Financial Performance

Norwegian Cruise Line Issues ‘Going Concern’ Alert

With cruise sailings suspended, the company says it may not have sufficient liquidity to meet its debt obligations over the next 12 months.
Matthew HellerMay 5, 2020
Norwegian Cruise Line Issues ‘Going Concern’ Alert

Norwegian Cruise Lines indicated Tuesday it may not be able to stay afloat, citing the effects of the coronavirus pandemic that has shut down the global cruise industry.

The smallest of the three major publicly traded cruise operators said in a regulatory filing that it has experienced “substantial impacts” related to the outbreak, including the suspension of cruises and a decline in advanced bookings.

The crisis, it warned, has “raised substantial doubt about the company’s ability to continue as a going concern, as the company does not have sufficient liquidity to meet its obligations over the next twelve months, assuming no additional financing or other proactive measures.”

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Norwegian also announced Tuesday it had raised $400 million from private equity firm L Catterton, but the funding is contingent on management raising another $1 billion from institutional investors.

In trading Tuesday, the company’s shares sank 21.8% to $11.30.

“The industry has overcome numerous challenges in the past, and we expect that the industry will rebound and prosper with even further enhancements to their already rigorous health and safety protocols in place in the future,” L Catterton CEO Scott Dahnke said in a news release.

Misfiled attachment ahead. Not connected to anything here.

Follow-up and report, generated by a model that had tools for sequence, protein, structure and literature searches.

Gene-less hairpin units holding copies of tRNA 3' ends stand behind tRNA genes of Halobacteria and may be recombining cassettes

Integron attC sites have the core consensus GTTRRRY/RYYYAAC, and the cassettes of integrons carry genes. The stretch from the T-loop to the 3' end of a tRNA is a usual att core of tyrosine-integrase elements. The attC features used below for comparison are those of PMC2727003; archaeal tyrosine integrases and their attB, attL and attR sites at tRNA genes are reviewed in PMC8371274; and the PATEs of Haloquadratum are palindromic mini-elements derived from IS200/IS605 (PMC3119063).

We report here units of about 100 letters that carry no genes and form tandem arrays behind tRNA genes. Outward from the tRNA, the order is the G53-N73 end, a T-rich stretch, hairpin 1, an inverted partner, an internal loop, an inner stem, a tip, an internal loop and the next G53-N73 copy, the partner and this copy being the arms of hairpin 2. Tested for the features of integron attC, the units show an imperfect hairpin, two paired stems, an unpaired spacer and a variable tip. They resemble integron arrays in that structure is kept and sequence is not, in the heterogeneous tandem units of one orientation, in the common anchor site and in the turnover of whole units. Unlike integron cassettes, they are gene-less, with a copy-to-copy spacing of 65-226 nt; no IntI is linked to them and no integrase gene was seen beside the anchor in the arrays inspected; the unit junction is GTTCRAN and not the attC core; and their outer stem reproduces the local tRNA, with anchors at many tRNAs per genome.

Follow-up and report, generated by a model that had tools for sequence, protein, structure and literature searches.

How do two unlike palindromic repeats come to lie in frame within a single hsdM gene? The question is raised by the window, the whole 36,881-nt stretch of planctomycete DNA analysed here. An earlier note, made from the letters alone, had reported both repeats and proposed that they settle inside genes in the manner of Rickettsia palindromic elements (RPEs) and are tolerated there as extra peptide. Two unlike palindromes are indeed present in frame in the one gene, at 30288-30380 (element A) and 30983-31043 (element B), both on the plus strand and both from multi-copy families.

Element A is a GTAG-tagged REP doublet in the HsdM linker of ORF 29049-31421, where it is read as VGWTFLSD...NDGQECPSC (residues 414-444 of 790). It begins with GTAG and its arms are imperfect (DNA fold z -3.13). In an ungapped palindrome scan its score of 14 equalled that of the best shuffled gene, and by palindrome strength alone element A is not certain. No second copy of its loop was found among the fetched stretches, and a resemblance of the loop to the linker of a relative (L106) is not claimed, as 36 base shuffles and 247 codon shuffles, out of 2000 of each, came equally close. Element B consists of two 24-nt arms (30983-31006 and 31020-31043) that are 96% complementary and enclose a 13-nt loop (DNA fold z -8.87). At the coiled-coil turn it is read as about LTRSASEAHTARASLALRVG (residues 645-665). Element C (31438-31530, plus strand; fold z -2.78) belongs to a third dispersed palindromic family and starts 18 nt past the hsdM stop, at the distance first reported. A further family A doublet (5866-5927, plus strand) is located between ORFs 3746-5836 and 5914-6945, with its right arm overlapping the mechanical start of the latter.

Norwegian, which operates the Norwegian Cruise Line, Oceania Cruises, and Regent Seven Seas Cruises brands, had roughly $6 billion in long-term debt obligations as of Dec. 31.

As CNBC reports, “The coronavirus pandemic has brought the global travel industry, and the cruise industry in particular, to a standstill across the world.” The U.S. government has extended its no-sail order for cruise ships until July 24.

Norwegian said it was in compliance with all of its debt agreements as of March 31 and had “taken several measures to improve our liquidity through refinancing existing debt amortization.” It has also identified $515 million in capital spending cuts.

Rival Carnival Cruise Lines has said it will resume some North American sailings on Aug. 1. But Norwegian warned that the cruise suspension may be extended again and it could not predict “when any of our ships will begin to sail again or when ports will reopen to our ships.”

Norwegian Cruise Line via Getty Images